6. 6. part three Concept/Mood Boards This is an often-skipped phase in the creative process, but it can be one of the most important. This can save weeks of working in the wrong direction. It also allows for more input that would be tough to implement further down the line, and it often puts the client’s mind at ease. If you know what to expect during the creative presentation, you’ll be less concerned with, “What if I don’t like it?” or, “Are we going to make the timelines?” or worse, “What if my superiors don’t like it?” ! Behind closed doors, the agency is turning nuggets of a concept into a fully blown-out idea. During this stage, they’re thinking about how it this will translate into the creative space. Colours, typography, photography, style—this is all being considered. This is the creative team’s interpretation of what you’re looking for. Now, here’s the fun part: what if you could take a peek into this thinking to make sure they are on the right track? While it involves a little extra work to make this thinking “client-ready,” it’s worth it. Depending on the project, you might see pages of images, type and colour usage. Or you might see examples of other in-market ideas to show trends. Or, it might just be a montage of images pulled from Google to help depict the story. Regardless of how it’s displayed, this is when you get a chance to stop them in their tracks, or encourage them to take it even further. ! Note: Although it’s risky, the creative teams sometimes dislike this part because they like the big “reveal” at the end. Show-offs! However, if you have great chemistry with your agency, this stage can be skipped. | The Creative Process | Toolkit | August 26, 2014 6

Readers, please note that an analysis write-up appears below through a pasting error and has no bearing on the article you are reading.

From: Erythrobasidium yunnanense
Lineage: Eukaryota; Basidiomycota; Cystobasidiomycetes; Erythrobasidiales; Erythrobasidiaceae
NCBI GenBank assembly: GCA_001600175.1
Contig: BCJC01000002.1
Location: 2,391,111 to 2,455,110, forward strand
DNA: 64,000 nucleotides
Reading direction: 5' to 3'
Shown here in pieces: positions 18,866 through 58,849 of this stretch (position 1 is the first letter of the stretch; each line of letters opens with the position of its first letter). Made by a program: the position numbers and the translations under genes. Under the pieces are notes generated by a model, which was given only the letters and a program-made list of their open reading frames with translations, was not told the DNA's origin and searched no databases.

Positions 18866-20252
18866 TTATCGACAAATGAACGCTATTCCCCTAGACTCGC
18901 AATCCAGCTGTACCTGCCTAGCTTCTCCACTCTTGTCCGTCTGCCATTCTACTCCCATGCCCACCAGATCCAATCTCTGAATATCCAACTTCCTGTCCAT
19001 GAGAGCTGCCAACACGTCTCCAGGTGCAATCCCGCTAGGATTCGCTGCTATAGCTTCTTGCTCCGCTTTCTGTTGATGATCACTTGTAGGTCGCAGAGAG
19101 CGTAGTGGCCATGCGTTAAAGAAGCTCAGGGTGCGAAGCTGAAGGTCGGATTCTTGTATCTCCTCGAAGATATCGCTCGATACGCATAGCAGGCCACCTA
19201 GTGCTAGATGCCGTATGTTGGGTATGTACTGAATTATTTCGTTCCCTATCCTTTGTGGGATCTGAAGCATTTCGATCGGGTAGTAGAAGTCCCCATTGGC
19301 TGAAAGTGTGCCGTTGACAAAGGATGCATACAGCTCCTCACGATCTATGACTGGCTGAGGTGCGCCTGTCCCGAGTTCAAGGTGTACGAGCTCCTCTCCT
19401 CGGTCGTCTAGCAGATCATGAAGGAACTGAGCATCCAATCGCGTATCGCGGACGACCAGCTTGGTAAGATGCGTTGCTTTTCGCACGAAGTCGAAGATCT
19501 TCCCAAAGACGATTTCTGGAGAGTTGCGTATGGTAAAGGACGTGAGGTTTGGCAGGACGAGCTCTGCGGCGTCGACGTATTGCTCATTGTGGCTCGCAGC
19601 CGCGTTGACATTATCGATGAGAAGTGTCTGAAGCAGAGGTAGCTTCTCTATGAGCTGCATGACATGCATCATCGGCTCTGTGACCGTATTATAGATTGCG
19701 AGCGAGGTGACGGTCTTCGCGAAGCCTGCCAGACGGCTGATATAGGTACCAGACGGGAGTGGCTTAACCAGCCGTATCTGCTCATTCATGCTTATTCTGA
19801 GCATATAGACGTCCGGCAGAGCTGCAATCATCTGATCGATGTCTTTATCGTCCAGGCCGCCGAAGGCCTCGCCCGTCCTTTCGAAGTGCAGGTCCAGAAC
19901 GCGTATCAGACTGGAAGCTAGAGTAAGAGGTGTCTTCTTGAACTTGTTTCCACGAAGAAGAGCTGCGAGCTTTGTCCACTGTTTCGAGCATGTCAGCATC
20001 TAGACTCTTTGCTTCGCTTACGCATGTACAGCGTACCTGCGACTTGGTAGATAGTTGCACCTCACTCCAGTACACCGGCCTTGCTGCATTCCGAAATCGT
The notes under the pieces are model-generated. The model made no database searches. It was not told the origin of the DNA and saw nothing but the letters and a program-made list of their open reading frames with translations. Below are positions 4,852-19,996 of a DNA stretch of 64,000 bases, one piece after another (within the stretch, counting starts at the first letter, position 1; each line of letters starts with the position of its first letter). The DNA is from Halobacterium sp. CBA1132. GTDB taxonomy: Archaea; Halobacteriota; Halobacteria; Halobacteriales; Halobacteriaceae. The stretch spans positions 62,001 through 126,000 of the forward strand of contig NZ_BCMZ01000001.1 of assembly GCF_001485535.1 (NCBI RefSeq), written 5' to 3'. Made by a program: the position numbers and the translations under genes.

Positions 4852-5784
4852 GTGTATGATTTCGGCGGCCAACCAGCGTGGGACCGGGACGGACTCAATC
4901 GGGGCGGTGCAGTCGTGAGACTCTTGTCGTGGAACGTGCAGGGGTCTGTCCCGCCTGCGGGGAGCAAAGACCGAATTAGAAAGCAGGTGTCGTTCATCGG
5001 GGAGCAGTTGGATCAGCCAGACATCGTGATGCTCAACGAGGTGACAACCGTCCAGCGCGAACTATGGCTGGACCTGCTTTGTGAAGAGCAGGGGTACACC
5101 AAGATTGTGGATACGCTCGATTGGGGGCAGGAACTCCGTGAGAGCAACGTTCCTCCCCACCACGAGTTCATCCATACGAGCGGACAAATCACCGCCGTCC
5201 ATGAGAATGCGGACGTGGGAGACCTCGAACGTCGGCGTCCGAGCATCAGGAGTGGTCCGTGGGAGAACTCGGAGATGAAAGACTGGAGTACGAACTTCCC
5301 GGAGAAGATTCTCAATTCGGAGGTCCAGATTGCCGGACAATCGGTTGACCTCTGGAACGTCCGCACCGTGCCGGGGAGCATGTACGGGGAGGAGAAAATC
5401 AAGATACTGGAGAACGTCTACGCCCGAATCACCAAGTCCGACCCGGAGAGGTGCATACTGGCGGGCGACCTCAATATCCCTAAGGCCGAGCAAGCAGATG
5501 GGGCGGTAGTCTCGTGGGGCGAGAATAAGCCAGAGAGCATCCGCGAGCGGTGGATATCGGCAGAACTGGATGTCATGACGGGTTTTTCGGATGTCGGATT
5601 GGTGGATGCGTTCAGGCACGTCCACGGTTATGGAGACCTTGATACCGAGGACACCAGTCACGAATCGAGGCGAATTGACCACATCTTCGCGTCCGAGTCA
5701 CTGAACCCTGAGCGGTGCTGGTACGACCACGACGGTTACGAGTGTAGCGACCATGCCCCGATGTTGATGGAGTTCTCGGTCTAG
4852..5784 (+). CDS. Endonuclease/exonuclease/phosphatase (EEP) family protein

7. 7. part four Creative Presentation This is the logical next step in the process, and one which needs little explanation. This is when you see everything come together. If the process went smoothly, there should be no surprises here. Sometimes, if the project is big enough, this may be split into a series of presentations. Perhaps the first presentation is more high level to show how the idea would come to life, and a second presentation might take that idea and roll it out to all touch-points. These presentations would of course be bracketed around your feedback. | The Creative Process | Toolkit | August 26, 2014 7
  8. 8. conclusion ! While every agency has its process, there’s certainly no right way or wrong way. Sure, they have each had their successes, but the road to that win may not have been as smooth as you/ they would have liked. At the end of the day, it should be a collaborative process between the client and the agency, resulting in fewer conflicts and better work. | The Creative Process | Toolkit | August 26, 2014 8